Let me encourage you. If you are discouraged reading this because of the state of some relationship(s) in your life, let me tell you something. No relationship or situation is too far gone. Connection can require intentionality, forgiveness and patience. But it is never too late to start building something together. The key is just to start!

So let’s start together. 

Forget the former things; do not dwell on the past. See, I am doing a new thing! Now it springs up; do you not perceive it? I am making a way in the wilderness and streams in the wasteland.

ISAIAH 43:18-19

Erin is a singer-songwriter and worship leader. Her songwriting, blogging, and speaking is often inspired by challenges and insights she experienced growing up in a family affected by disability. Erin serves with Walk Right In Ministries speaking on special sibling issues and assisting with social media. She has also served frequently in her community and home church as a worship leader. 

Erin earned her Bachelor of Arts Degree in Songwriting at Belmont University in Nashville and currently lives in California where she completed three years of study at the Bethel School of Supernatural Ministry. Her latest CD Come Alive (released 2018) and is available on iTunes, Amazon, Spotify, YouTube and other streaming services.

Find out more at www.erinjamieson.com.

Open Communication: The Currency of Love in Caregiving Families

My family has learned that we communicate a lot nonverbally. Carly, my sister who has Angelman Syndrome, is (for the most part) nonverbal. So we’ve learned to read the people and situations around us without needing to say much. The problem with that is that we often find ourselves frustrated and even resentful when the people around us are not “reading” what we are not saying.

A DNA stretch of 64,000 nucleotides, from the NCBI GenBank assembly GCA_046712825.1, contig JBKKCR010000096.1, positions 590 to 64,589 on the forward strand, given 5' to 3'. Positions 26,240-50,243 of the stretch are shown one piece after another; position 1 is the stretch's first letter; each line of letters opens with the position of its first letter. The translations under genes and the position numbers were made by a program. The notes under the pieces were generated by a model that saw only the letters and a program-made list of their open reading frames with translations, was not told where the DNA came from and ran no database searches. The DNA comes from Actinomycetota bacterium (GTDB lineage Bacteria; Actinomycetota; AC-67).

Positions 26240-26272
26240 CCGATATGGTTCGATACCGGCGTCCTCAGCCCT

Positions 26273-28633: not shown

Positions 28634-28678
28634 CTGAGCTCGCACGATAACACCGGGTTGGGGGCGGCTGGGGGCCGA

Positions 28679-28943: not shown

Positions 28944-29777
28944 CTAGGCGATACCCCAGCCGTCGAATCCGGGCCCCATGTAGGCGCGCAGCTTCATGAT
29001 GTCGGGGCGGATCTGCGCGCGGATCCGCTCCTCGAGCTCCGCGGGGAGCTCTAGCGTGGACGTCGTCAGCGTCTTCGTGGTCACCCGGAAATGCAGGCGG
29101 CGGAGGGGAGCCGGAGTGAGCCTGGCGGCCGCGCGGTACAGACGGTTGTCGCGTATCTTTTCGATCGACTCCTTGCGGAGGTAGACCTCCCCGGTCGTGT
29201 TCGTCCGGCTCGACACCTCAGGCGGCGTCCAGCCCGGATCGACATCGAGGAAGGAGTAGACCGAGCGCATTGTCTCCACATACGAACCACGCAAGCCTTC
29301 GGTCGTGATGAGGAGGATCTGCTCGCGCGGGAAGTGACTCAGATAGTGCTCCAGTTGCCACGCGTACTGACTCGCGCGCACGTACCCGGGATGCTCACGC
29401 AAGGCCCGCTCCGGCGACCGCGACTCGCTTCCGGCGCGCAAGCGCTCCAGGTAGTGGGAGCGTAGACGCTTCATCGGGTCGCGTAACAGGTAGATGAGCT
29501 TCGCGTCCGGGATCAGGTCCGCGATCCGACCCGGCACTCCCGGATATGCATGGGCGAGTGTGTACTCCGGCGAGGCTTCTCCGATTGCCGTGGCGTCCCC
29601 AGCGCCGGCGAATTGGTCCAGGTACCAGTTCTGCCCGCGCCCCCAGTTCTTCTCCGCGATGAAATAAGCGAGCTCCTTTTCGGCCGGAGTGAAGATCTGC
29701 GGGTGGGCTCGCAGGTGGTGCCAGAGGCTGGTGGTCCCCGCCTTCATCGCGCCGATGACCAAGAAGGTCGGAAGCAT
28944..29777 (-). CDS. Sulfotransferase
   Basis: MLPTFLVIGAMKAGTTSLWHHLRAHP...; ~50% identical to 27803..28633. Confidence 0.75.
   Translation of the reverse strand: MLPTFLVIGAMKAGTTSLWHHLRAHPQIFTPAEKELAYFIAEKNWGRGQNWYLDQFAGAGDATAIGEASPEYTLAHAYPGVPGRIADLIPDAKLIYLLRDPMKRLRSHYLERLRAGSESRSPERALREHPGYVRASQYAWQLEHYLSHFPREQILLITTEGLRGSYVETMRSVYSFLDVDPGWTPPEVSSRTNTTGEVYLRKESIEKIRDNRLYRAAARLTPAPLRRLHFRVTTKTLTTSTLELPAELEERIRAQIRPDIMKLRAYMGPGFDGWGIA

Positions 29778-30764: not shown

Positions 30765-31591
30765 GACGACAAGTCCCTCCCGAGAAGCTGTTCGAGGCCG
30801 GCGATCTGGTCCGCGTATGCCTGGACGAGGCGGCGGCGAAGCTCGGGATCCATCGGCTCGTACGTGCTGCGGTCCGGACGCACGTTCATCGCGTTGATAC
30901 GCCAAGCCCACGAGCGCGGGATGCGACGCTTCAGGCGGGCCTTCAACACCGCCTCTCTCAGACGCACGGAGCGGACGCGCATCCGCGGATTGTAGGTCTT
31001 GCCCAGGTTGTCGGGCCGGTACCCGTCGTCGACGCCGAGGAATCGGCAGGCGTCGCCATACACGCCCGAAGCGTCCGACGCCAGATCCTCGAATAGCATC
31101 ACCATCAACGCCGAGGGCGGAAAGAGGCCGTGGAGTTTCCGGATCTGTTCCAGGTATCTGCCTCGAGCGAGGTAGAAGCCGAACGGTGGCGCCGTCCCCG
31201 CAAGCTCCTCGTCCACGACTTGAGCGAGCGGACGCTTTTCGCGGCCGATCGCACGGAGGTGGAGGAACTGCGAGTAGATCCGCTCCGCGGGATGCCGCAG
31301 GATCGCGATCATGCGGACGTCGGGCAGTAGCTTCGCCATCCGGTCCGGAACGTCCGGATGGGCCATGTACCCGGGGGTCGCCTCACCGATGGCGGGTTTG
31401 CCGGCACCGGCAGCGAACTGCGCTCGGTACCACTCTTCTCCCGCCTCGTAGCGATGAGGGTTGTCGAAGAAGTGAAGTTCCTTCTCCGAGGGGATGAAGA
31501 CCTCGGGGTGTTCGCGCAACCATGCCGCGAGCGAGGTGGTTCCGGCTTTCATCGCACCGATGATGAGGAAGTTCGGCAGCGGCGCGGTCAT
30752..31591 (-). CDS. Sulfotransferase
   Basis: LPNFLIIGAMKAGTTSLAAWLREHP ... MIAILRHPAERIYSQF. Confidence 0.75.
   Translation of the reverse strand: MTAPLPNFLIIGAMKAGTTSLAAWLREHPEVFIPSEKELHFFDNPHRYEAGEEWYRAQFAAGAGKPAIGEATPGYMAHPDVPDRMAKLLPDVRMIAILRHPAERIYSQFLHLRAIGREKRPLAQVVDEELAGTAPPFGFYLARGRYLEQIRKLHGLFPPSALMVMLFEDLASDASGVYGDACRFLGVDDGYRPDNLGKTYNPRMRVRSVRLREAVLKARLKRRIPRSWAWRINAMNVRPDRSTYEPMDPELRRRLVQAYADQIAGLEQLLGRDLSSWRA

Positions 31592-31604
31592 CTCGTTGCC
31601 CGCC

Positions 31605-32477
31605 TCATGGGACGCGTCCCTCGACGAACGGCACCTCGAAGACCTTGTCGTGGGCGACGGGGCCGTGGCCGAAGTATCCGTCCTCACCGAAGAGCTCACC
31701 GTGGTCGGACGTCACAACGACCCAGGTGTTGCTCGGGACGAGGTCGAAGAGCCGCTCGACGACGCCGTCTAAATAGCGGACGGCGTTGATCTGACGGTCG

Hear this loud and clear. It is okay to have needs and to express them. 

Did you hear me? It’s okay. It’s good. 

We were created to need each other. And that is a blessing! 

Then the Lord God said, “It is not good that the man should be alone.

Galatians 2:18

Caring for one another’s needs is a currency by which we exchange love! If you are a caregiver, you know this full well! We show the one we are caring for that we love them by taking care of their needs! But how do we take that currency of love to all the relationships around us and also let people love us?

As special needs families, we spend much of our lives putting aside our own needs for the more pressing needs of our family member. There is something very beautiful and even noble about the ability to do that for someone else. What an act of service and love!

However, if we completely neglect our own needs, we will slowly wear down our own ability to care well for the very one(s) we are trying to protect. 

We can tend to neglect what is going on inside of ourselves in favor of what we have to do to care for others. Then we allow moments of stress to give us permission to unleash all of the negative emotions we’ve got stored up in there. But if we can process our emotions as they come, not every stressful situation will feel like the sky is falling. 

I’m as guilty of this as anyone. But I’m learning. If you can catch your emotions early, take time to process them and evaluate what you need before the pent up emotions start creating negative behavior, anger and even resentment towards the people around you (i.e. your family), you’ll find you have much healthier and satisfying interactions them. In turn, you’ll enjoy much better relationships long term. To me, that’s well worth the effort of knowing myself and my emotions — giving them the time of day when they need it!

The best thing you can do for your sibling, parents, kids, family members and friends is to practice self-awareness and be proactive in communicating. There is enormous positive potential in sharing your own needs and asking others to share what they need. Especially in a season where most of us are experiencing more time in close quarters with those around us than ever, it’s important to learn tools for communicating well so everyone remains in good spirits!